Conducting a capella - notes or rhythm?
  • gregpgregp
    Posts: 632
    I attended a concert last night in which I noticed something I had not seen before - normally the conductor gives (or has someone else give) the starting note(s) and then begins beating time to bring the singers in, but this conductor beat several measures, then stopped and had the pianist give the singers their first notes, and then they launched right into the piece.

    Thinking more about it, I can see where some people might have a harder time remembering their pitches than the tempo and need to be given those closer to the start of the piece.

    Comments? Do I just need to get out more?
  • Giving pitches (if at all necessary) should take place before the down-beat or any preparatory beats. The more falderol there is before singing begins the greater the distraction from the musical flow and disruption of expectations.
    For concerts, give pitches as needed (the tonic should be all that is required) and then launch into the down beat of a rehearsed tempo.
    For a capella motets and anthems at mass I alway improvise a short 'praeludium' in the style of the piece. This sets pitch, tempo and mood, after which one may launch directly and energetically into the down beat. Merely giving pitches is always distracting and amateurish. Train your people to get their pitches from such a 'praeludium', or if absolutely necessary, from a very quiet sounding of the tonic. (If you don't trust your improvising skills, there are plenty of such 'praeludia' by the Gabrielis and others in all keys and modes which are very satisfactory and apt, and were written for just such purposes.)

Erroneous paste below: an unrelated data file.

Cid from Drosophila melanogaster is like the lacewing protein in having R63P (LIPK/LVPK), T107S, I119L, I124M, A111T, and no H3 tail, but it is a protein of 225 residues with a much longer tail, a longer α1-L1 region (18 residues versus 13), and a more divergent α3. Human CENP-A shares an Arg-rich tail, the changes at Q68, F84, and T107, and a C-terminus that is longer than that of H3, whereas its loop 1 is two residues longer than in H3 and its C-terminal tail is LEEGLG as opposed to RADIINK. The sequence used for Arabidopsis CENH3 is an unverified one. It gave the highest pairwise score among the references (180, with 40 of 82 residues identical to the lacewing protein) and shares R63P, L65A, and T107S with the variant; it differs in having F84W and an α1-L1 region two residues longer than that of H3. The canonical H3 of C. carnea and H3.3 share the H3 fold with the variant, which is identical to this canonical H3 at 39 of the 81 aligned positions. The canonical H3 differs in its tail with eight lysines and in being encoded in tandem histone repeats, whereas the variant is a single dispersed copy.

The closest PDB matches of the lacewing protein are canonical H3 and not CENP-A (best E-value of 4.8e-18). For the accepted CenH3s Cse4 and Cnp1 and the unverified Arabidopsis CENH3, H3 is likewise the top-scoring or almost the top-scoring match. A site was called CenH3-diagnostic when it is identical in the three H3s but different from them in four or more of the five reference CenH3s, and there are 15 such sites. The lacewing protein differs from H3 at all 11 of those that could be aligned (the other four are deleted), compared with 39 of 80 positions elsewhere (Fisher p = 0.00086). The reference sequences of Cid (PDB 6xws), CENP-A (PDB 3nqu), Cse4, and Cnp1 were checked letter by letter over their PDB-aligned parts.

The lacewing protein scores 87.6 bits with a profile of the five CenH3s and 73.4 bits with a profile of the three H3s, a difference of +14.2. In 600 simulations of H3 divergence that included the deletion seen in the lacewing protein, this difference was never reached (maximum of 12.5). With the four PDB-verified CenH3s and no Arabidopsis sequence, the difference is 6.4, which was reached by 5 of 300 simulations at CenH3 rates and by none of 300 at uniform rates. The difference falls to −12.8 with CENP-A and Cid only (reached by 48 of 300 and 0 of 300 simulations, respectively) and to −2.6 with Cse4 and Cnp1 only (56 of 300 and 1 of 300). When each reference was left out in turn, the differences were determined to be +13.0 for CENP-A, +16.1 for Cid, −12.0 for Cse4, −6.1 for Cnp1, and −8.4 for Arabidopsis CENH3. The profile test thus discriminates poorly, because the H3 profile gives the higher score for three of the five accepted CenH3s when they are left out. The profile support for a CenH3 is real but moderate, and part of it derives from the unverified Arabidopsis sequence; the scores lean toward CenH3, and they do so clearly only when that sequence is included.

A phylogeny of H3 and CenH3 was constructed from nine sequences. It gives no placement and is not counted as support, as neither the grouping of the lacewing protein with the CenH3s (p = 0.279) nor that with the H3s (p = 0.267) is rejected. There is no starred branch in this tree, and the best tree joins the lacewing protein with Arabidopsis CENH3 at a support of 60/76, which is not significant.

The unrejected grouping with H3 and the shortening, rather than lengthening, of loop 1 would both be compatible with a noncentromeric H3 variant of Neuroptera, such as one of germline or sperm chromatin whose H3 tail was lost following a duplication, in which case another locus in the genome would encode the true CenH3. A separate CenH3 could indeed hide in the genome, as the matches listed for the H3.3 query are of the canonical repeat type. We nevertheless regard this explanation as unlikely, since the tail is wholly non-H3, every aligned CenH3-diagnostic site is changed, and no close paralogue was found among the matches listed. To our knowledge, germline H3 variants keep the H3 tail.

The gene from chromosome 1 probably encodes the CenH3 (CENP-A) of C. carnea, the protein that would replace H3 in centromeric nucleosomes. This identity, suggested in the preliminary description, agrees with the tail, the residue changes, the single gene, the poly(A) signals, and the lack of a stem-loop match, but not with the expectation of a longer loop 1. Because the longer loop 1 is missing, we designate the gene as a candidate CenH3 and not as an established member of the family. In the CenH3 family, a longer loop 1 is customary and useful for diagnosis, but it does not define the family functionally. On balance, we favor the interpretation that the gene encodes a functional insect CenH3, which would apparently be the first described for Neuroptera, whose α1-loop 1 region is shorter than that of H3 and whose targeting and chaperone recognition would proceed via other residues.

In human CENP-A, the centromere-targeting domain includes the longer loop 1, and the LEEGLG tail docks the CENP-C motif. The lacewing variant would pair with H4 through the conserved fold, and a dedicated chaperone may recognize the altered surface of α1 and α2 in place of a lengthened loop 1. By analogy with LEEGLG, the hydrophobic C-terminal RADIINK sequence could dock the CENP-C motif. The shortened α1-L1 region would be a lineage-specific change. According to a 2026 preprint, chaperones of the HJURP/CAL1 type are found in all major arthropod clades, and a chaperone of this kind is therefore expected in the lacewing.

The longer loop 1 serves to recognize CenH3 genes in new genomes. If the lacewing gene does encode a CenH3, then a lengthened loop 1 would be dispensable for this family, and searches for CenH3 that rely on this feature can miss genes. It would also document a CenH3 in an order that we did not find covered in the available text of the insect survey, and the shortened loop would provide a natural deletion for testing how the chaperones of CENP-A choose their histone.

Thanked by 2CHGiffen BruceL
  • CharlesW
    Posts: 11,676
    Would that is be so easy, Jackson. There is the 80-year-old bass who is too prideful to wear a hearing aid. Only if given on an en chamade trumpet could this guy come in anywhere near his pitch. And the soprano, still a diva, but whose mind left the planet far too many years ago. Or the tenor who plays with his phone during rehearsal, then realizes everyone else has started singing. Where do you find these flawless people in your choir, Jackson. Send some of them in this direction. I need them more than you. LOL.
  • For the children's choir, I give them the starting pitch. For the adults, I usually intone the first phrase on the organ and let them carry it from there. They also get the tempo from the intonation.
  • Blaise
    Posts: 439
    Sorry, but I have a slightly hard time with what the OP is saying. Do they mean that the conductor beats time for a while, gives the starting pitch, then the choir spontaneously starts singing without the conductor?? If yes, then that must be one well rehearsed group!
  • chonakchonak
    Posts: 8,921
    Some conductors want their choirs to be self-starting. In practice, this seems to mean that they look at one another until somebody takes the step and indicates an upbeat by inhaling visibly.
  • I just don't think that I would ever do it the way the op is indicating. I would always give the starting pitch, or have the choir derive starting pitches from the introduction played on piano or organ. If there is an intro without the choir singing right away, I would already be conducting the accompanist, so there would be no need to give a separate ictus for them.
  • gregpgregp
    Posts: 632